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BITSS is co-sponsoring the 4th Working Group in African Political Economy (WGAPE) Annual Meeting, taking place May 29-30 at the Watson Institute for International and Public Affairs, Brown University.
WGAPE brings together faculty and advanced graduate students in Economics and Political Science who combine field research experience in Africa with training in political economy methods. Paper submissions must reflect WGAPE’s broad research agenda on core issues within the political economy of African development and encourages submissions of works-in-progress.
In addition, this year’s call for papers invites submissions of Pre-Analysis Plans (PAPs). There will be one dedicated session to the presentation and discussion of a PAP at this meeting.
- Please find the full call for paper here.
- Papers must be uploaded here by 11:59pm PT on April 19th.
- Successful applicants will be notified by May 1st and will be invited to attend the full symposium.
- WGAPE will cover the cost of economy travel, accommodation and dining (capped).
For further information, please contact Elisa Cascardi (CEGA) at email@example.com.
BITSS is pleased to announce it is now accepting applications to attend its 2015 Summer Institute.
This year’s workshop entitled “Transparency and Reproducibility Methods for Social Science Research” will be held in Berkeley, June 10-12. The intensive course will provide participants with a thorough overview of best practices for open, reproducible research, allowing them to remain in the vanguard of new scientific frontiers.
Topics covered include:
- Ethics in Experimental Research
- False-positives, P-hacking, P-curve, Power Analysis
- Data Management & Statistical Analysis in R
- Theory and Implementation of Pre-analysis Plans
- Approaches to the Replication of Research
- Meta-analyses: New Tools & Techniques
- Next Steps in Changing Scientific Research Practices
By Garret Christensen (BITSS)
Though BITSS hopes to increase research transparency across the social sciences, several of us, myself included, have a background in development economics. So we were happy to take part in a meeting last week at the Center for Global Development (CGD) in Washington, DC. In addition to BITSS and CGD, representatives from the International Initiative for Impact Evaluation (3ie), Inter-American Development Bank, InterAction, Innovations for Poverty Action Lab (IPA), Millennium Challenge Corporation (MCC), World Bank research group, United States Agency for International Development (USAID), and the US Treasury were present.
I was impressed by how much agreement there was, and how interested these large, sometimes slow-moving, organizations seemed to be, but I should probably temper my enthusiasm a bit: the people in the room were not randomly selected from their respective agencies, and even if they had been, we may still be far from actual policy changes and wider adoption. Regardless, we had a fruitful discussion about some of the roadblocks on the way to increased transparency.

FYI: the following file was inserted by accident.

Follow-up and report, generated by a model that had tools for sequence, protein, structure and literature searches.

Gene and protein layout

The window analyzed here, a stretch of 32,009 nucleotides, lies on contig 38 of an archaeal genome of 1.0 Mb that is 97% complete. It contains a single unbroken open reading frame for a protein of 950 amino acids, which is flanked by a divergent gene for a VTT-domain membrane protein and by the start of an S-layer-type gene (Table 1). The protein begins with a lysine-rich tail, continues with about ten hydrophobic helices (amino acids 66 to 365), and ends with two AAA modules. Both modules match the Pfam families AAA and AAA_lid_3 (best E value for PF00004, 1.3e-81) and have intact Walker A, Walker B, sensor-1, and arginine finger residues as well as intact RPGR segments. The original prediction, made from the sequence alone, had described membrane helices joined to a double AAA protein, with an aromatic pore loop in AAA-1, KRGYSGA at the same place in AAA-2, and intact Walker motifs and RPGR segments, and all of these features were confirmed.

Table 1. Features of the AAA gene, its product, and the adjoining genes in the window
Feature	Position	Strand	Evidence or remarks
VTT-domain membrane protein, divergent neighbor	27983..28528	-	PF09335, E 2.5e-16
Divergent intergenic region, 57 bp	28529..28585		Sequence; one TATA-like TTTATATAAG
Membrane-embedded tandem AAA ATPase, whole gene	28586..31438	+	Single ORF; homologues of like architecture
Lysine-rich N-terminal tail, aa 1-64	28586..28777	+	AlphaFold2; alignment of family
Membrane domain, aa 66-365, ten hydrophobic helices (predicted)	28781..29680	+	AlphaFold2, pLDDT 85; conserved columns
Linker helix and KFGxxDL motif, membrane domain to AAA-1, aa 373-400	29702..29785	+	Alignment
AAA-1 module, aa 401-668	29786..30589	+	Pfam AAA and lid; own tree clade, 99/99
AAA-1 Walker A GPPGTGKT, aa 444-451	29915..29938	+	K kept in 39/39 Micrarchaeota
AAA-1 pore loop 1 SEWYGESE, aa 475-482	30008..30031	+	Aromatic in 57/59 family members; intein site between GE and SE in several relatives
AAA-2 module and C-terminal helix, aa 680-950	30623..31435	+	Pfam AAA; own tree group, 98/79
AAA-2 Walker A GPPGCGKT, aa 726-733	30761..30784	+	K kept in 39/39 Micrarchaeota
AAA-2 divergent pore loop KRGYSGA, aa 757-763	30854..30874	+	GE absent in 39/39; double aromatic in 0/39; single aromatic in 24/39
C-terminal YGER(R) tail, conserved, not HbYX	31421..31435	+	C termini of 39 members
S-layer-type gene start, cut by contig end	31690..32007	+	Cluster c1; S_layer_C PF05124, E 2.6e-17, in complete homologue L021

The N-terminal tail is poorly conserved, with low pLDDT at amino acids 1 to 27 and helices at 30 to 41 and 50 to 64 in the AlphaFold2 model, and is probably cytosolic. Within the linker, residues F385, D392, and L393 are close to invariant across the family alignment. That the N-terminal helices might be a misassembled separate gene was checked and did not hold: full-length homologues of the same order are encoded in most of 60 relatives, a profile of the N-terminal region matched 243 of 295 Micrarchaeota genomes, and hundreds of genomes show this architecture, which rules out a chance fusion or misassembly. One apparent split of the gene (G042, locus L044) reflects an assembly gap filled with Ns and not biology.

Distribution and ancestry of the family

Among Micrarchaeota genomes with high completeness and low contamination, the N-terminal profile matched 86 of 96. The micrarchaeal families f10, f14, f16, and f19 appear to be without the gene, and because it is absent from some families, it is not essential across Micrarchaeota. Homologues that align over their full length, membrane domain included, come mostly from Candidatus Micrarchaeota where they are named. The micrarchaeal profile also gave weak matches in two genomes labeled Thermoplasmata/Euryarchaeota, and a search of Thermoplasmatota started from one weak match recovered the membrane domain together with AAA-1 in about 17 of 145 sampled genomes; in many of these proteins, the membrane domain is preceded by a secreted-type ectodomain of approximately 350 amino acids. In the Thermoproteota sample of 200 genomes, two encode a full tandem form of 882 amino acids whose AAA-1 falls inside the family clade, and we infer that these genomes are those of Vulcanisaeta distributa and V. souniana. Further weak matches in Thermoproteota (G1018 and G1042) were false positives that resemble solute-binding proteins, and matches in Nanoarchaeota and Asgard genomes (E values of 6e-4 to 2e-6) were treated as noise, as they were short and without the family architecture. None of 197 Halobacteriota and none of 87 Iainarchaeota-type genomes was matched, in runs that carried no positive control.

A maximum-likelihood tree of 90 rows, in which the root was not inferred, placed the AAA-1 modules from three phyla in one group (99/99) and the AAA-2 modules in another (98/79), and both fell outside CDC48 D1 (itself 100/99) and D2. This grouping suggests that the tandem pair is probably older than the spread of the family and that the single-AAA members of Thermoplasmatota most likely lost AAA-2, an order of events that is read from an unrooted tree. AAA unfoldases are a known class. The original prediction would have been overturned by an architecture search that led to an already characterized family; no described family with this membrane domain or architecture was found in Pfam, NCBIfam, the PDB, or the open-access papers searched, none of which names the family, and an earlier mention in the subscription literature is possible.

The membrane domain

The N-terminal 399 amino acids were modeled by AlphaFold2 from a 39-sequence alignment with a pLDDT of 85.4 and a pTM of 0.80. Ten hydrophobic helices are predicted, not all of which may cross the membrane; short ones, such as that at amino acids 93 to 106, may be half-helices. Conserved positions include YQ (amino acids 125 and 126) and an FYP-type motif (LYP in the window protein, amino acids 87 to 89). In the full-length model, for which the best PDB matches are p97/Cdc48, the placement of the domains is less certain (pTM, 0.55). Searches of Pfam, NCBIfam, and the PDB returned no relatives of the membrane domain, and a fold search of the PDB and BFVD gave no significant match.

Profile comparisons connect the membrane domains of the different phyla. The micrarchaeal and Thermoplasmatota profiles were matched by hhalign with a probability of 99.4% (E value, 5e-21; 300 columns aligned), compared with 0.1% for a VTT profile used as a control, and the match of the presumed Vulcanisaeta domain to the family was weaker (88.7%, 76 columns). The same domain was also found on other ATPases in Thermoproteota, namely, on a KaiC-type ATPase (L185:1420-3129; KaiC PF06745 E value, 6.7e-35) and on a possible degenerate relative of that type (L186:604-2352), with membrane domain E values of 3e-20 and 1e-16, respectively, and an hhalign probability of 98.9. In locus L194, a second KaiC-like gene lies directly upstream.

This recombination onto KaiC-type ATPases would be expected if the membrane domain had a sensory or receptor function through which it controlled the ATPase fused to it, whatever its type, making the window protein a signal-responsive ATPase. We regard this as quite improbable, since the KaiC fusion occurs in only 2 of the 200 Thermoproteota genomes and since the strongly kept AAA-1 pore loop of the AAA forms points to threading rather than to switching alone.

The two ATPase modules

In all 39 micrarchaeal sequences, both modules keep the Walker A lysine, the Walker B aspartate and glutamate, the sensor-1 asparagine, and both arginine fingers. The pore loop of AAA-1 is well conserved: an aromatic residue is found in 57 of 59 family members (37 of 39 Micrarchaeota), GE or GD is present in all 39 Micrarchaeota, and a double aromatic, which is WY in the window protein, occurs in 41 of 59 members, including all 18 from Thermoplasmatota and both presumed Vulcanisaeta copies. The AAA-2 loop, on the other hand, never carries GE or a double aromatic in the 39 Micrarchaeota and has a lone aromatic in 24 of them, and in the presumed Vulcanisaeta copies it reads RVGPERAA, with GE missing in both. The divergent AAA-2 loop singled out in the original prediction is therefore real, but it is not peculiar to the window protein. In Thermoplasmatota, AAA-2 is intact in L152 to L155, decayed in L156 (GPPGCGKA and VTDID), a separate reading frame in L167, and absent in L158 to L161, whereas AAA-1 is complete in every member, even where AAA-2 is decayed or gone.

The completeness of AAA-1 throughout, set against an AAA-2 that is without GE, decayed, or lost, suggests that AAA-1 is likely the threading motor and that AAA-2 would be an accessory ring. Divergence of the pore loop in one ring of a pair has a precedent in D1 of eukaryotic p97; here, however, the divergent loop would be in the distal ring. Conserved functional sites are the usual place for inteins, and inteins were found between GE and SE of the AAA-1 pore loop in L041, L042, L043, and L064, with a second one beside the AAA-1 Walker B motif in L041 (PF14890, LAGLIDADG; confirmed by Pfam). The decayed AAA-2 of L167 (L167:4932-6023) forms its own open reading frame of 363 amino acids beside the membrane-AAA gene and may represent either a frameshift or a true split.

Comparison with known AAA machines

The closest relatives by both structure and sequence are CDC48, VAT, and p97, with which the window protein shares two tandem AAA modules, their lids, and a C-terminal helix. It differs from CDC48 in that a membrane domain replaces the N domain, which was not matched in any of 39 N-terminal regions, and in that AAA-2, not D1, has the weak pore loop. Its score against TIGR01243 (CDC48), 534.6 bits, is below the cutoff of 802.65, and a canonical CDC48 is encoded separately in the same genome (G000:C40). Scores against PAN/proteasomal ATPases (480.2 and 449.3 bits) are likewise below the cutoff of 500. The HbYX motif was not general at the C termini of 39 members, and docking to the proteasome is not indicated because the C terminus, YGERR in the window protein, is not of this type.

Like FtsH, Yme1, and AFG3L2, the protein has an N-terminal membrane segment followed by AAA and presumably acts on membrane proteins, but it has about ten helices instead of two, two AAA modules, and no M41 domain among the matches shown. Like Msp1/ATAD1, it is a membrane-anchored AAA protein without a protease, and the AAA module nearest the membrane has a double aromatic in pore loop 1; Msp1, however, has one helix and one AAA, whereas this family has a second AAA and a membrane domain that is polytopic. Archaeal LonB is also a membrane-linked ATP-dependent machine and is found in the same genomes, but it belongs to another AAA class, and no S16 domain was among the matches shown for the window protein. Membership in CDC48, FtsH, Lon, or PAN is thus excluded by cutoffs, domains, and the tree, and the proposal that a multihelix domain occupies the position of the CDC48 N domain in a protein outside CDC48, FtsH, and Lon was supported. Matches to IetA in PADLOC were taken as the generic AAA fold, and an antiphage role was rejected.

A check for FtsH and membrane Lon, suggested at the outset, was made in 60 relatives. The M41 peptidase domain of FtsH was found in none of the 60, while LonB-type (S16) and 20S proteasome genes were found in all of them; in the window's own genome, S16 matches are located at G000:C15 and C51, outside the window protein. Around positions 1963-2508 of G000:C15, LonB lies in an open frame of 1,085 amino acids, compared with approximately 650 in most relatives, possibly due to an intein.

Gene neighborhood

Here are a few of the themes we discussed, mostly obstacles to increased transparency:
BITSS Project Scientist Garret Christensen will be participating in a discussion with the Mozilla Science Lab on reproducibility in research tomorrow at 11 am ET. The call is open to the public. For those interested in joining, more information can be found here.
In case you missed the 2014 BITSS Research Transparency Forum, you can watch the presentations of all five speakers featured on the BITSS YouTube Channel and embedded in our Annual Meeting page. The YouTube channel also includes videos with interviews from the BITSS Board on the importance of research transparency.
By Garret Christensen (BITSS)
BITSS just got back from the ASSA conference, the major annual gathering of economists. The conference largely serves to help new PhD economists find jobs, but there are of course sessions of research presentations, a media presence and sometimes big names like the Chair-of-the-Federal-Reserve in attendance. BITSS faculty Ted Miguel presided a session on research transparency. The session featured presentations by Eva Vivalt (NYU), Brian Nosek (UVA) and Richard Ball (Haverford College).
Vivalt presented part of her job market paper which shows that, at least in development economics, randomized trials seems to result in less publication bias and/or specification-searching than other types of evaluations.
Nosek’s presentation covered a broad range of transparency topics, from his perspective as a psychologist. His discussant, economist Justin Wolfers, concurred completely and focused on how Nosek’s lessons could apply to economics.
As an economist myself, I thought a few of his points were interesting:
- The Quarterly Journal of Economics should really have a data-sharing requirement.
- Economists don’t do enough meta-analysis (Ashenfelter et al.’s paper on the estimates of the returns to education is a great example of the work we could and should be doing)
- Somewhat tongue-in-cheek (I think), Wolfers discussed the fool/cheat paradox: whenever anyone is caught with a mistake in their research, they can either admit to having made an honest mistake, or having cheated. If they choose the “fool” option, as most do, there’s not much one can do to change one’s own intelligence. Why does nobody cop to having cheated? You could more easily make a case for mending your ways if you admitted to cheating.
If you’re at the ASSA meetings in Boston this weekend, and you are interested in learning more about research transparency, then please stop by booth 127 in the exhibition hall to speak with BITSS and Center for Open Science representatives. Or you can attend our session Monday morning at 10:15am: “Promoting New Norms for Transparency and Integrity in Economic Research.”